For many people, travel by air has lost its allure, but there’s at least one airport in Virginia that thrills travelers from around the world.
Hot Springs, Virginia – in Bath County -- has the highest public airport east of the Mississippi – a one-mile strip of asphalt at the top of a mountain.
“You lay a miles of asphalt and call it a highway, you can go exactly one mile. With this you can go anywhere you want to in the world.”
That’s Paul Howell, chairman of the airport authority and a big fan of the view.
“In the summer time you see green grass and blue sky. In the winter time you seen white snow and blue sky. You’re on top of the world here.”
Built in 1933 by the Ingalls family which owned the Homestead Resort, this airstrip has welcomed Presidents Eisenhower, Clinton and George W. Bush who flew in for rounds of golf. It’s also served as a pit stop for thousands of private pilots who find that at 4,000 feet above sea level, it’s a convenient place to fill up
“Airplanes do not run cheap, and if the pilot can just drop down to 4,000 feet and fuel up he does not have to claw his way back up those 4,000 feet to get back into the sky.”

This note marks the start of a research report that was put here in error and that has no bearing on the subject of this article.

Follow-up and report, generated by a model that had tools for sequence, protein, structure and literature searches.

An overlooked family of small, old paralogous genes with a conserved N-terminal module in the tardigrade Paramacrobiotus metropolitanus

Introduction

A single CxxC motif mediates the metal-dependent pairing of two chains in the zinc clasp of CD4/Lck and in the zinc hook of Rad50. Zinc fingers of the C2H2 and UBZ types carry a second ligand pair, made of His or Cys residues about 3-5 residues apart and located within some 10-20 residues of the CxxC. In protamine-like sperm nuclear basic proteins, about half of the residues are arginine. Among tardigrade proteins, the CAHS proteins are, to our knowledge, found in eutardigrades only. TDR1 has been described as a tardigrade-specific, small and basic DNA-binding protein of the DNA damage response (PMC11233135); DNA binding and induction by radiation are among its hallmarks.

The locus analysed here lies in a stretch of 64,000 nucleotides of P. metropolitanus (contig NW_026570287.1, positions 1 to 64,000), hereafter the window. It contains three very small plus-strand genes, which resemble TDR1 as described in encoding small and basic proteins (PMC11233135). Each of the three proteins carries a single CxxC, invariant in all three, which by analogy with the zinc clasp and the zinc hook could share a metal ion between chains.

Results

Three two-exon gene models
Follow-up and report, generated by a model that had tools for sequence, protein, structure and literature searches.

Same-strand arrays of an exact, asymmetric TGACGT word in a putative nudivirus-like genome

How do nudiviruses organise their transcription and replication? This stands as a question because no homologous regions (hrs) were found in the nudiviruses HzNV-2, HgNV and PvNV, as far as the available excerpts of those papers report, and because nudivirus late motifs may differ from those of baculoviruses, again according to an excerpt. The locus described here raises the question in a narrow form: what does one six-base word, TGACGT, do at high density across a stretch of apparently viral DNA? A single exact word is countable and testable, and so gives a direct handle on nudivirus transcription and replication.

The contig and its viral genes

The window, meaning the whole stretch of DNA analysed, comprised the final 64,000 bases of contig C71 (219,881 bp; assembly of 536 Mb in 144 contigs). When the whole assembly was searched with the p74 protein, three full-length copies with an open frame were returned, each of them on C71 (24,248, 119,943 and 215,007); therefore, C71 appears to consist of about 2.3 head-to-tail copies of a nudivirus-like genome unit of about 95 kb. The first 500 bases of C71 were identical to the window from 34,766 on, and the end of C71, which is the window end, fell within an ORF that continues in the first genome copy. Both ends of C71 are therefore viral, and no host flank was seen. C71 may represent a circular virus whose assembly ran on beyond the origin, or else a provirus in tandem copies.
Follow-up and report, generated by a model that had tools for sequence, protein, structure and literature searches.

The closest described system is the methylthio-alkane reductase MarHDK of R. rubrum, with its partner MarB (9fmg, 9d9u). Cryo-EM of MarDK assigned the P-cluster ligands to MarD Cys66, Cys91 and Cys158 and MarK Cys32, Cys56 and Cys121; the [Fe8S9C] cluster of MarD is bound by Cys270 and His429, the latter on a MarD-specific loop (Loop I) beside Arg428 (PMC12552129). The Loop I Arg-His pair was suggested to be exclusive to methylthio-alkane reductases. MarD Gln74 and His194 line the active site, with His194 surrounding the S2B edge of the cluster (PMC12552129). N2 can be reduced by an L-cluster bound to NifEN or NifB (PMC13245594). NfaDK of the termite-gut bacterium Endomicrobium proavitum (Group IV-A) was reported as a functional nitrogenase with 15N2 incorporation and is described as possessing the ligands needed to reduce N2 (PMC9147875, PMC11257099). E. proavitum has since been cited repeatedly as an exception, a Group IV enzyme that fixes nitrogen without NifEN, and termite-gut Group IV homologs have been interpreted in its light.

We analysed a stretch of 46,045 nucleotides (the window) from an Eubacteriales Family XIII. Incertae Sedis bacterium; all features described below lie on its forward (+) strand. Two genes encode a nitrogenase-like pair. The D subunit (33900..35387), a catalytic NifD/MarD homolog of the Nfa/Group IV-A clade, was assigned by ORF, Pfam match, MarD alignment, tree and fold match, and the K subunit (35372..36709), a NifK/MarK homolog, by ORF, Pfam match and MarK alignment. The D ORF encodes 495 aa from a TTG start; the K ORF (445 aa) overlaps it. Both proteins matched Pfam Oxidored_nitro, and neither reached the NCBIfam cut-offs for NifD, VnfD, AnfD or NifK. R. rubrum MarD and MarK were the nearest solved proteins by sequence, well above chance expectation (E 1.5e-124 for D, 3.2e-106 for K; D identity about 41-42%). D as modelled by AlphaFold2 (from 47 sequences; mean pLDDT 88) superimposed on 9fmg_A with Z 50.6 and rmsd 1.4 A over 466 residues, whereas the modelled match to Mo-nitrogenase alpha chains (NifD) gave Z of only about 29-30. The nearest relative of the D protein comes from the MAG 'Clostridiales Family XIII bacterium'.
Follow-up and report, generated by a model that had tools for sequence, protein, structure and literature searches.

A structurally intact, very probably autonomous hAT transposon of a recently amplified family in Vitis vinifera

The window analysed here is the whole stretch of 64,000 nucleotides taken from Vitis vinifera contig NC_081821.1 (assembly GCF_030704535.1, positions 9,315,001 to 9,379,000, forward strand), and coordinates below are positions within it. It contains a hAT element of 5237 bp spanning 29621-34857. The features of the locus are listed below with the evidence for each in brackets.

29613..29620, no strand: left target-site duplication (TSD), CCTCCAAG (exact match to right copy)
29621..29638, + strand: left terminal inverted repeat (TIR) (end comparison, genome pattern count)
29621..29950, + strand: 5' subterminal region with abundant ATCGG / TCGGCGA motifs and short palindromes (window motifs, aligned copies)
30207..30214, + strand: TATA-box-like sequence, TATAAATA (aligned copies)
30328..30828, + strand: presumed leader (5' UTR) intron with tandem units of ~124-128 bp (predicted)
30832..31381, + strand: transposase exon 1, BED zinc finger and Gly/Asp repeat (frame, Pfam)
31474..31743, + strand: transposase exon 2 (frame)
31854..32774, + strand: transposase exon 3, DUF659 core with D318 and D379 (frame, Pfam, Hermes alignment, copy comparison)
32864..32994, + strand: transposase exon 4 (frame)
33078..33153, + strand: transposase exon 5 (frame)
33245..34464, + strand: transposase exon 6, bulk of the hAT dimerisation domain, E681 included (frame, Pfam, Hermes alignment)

There is no commercial service here, so the military likes to train pilots in this mountain setting, and private flyers say it’s so quiet, they don’t even need a control tower.
“The pilots that fly into here, they talk to each other and they don’t bump into each other. Do we have one coming in now? We do. It’s one of the show planes is showing up!”
This year, the airport hosted its tenth annual Wings and Wheels – a car and airshow featuring pilots like 27-year-old Jason Flood, who’s been flying for most of his life.
“I was born into a flying family, and my first ride was when I was six months old, and I’ve been flying ever since.”
Actually, he had to take some time off after an unfortunate collision.
“Towing banners down at the Jersey Shore, and the engine quit on pick-up and it left me nothing to do but come down and hit the ground, and I had 11 surgeries in four days.”
He broke a half dozen bones, lost his left kidney and spleen, but he kept his love of flying, and this year he was back in Bath County, entertaining over 4,000 people who came to this remote airport to rediscover the thrill of travel by air.